Yakushima (Pt.5) – Mocchomudake; The Yonic Mountain That Crushed Us

Map of Mocchomudake’s hiking course

Our mission today was to climb Mocchomudake. Known as one of Yakushima’s most challenging hikes. Kei couldn’t stop sniggering at the name of this mountain. Mocchomu apparently refers to the yonic shape of the rock formation at the top…

We were climbing the vagina mountain.


Mocchomudake’s Trailhead

Starting at 270m, the beginning of the hike leads you through lush green forest and is a steep climb at an average of 25-30°. We found ourselves building up a sweat quite quickly here.

Follow the pink ribbons!

This trail is not maintained like Jomon Sugi, and you have to look out for the little pink ribbons otherwise you will get lost quite quickly. They lead you over little root-ledges and across mossy rocks and silver streams. 

We kept our eyes peeled. Furthermore, after saying for days that every tree root looked like a snake, and worried that we would come into contact with one of the most poisonous snakes in Japan… we found a snake. Run!

Concentration-face is back

The summit sits at 994m high, and not one part of the climb gives you a rest-break. You are climbing steps, rocks, roots and ropes the entire way up. Again, I would recommend strong footwear (unlike mine!).

We reached 800m and our hopes started to peak.

Then we asked a passing hiker if we were nearing the top, he replied with “Ha! Not yet! You have lots of ups and downs to go before reaching the top!”


Bandai Sugi – 3000 years old

At this point we stopped for a break to see the two ancient Jōmon Sugi on this trail; Mocchomutaro Sugi, and Bandai Sugi. They were incredibly tall, and hollow inside as they had rotten from the thousands of years of growth in this wet climate. 

Collecting Yaku-water from the stream

The water that flows through the forest is also particularly tasty, with a mossy green taste. Make sure to collect it from running water and check upstream for dead animals first 👍🏼

Mocchomudake’s Peak

The last part of the climb was a killer, as the exhausted hiker had said, it ascends and descends 3 times before you reach the top. We could already see hikers at the peak.

Climbing up, abseiling down

Despite not being a maintained route, there were helpful ropes for pulling yourself up the sheer granite rock faces. Slippy when wet, I wouldn’t dream of attempting this climbing in the rain. We were lucky.

Climbing the peak’s rock face

The last hurdle was a huge rock perched on the summit. You have to put all of your trust into a single knotted rope to finish this hike.

The view was Saikou!!!

The view of south Yakushima’s coastline was stunning. Mocchomudake is usually shrouded with clouds so having this view on a clear day was something special.

Unfortunately we couldn’t get a photograph of the rock formation that Mocchomudake was named for… so you’ll just have to use your imagination…or not.

Legendary 70 year old ladies abseiling down the peak’s rock face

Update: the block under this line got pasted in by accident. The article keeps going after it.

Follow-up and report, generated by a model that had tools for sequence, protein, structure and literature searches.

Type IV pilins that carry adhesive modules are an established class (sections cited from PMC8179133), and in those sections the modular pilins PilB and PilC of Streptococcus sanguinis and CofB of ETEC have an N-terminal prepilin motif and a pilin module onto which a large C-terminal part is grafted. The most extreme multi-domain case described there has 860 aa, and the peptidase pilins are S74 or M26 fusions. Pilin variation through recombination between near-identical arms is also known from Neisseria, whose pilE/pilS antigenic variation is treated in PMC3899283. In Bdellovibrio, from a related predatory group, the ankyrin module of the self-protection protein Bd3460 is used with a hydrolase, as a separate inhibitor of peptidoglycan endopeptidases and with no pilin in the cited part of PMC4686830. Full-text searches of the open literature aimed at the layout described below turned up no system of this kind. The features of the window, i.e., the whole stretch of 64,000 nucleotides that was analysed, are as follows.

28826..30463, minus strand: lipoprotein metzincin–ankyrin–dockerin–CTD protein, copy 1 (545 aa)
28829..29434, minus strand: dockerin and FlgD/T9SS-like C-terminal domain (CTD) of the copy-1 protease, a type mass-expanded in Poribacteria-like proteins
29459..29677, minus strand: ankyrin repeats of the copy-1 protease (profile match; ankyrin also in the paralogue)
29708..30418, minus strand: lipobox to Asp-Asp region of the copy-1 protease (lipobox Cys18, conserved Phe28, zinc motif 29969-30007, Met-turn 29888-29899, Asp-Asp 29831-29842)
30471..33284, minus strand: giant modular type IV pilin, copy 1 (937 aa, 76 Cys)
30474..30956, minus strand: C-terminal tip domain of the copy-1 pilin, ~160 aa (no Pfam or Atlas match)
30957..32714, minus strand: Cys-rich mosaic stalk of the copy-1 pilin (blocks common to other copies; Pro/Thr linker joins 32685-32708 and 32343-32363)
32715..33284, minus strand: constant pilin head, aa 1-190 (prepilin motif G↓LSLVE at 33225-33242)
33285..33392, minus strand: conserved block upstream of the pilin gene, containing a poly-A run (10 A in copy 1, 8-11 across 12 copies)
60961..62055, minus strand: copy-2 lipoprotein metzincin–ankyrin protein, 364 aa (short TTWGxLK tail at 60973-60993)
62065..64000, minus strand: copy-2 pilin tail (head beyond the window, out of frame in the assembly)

We also met a young guide with 3 very special ladies. They had started at 5:30am that morning, and they had just summited after a 7 hour hike (it was 12:30). 

Did I mention that they were 70 years old? 


View from the summit

If I am still climbing when I’m 70 years old, I will be extremely happy. 

Happy to have conquered this peak!

After having sweet Yakushima oranges on the summit, and getting lost in the view of the blurred sea horizon and patchwork fields along the chalked outline of the coastline, we decided to make our descent.

The descent was much harder…

For us, in total it was a 6hr full-body climbing experience. Pretty fast.

Eventually, we overtook the ladies on the way down, even though my knees felt like a 70 year old’s at this point. I learned that you really have to know your own fitness limits to attempt hikes like this, and I believe that I had reached mine. 

We waited for the ladies at Senpiro Waterfall at the bottom, and they arrived at 5:30pm.  They had taken a full 12 hours to achieve what was a highly challenging hike!

Good on them!


Traveller’s Tips:
Rating on YES! Yakushima:
Level 4/5  |  Distance: 6km | Time 7-8 hours | Altitude 270m ~994m
Bring lunch with you, you will need the energy! There is a little space on the summit to have lunch if the weather is fine. There is also a tiny shrine at the start and at the base.
Mocchomudake’s summit tends to be shrouded in cloud quite often, and to be honest if you can see cloud I would not attempt this hike. It is a challenging course for the reward of an amazing view at the top. 
If you have strong ankles, a good fitness level and a strong mind to tackle some vertical roped sections (you can’t give up halfway on this hike!) then I recommend it for you.
Free parking at the base of the walk to Senpiro Waterfall, where the trailhead starts. Has toilets and a small shop at the base also.

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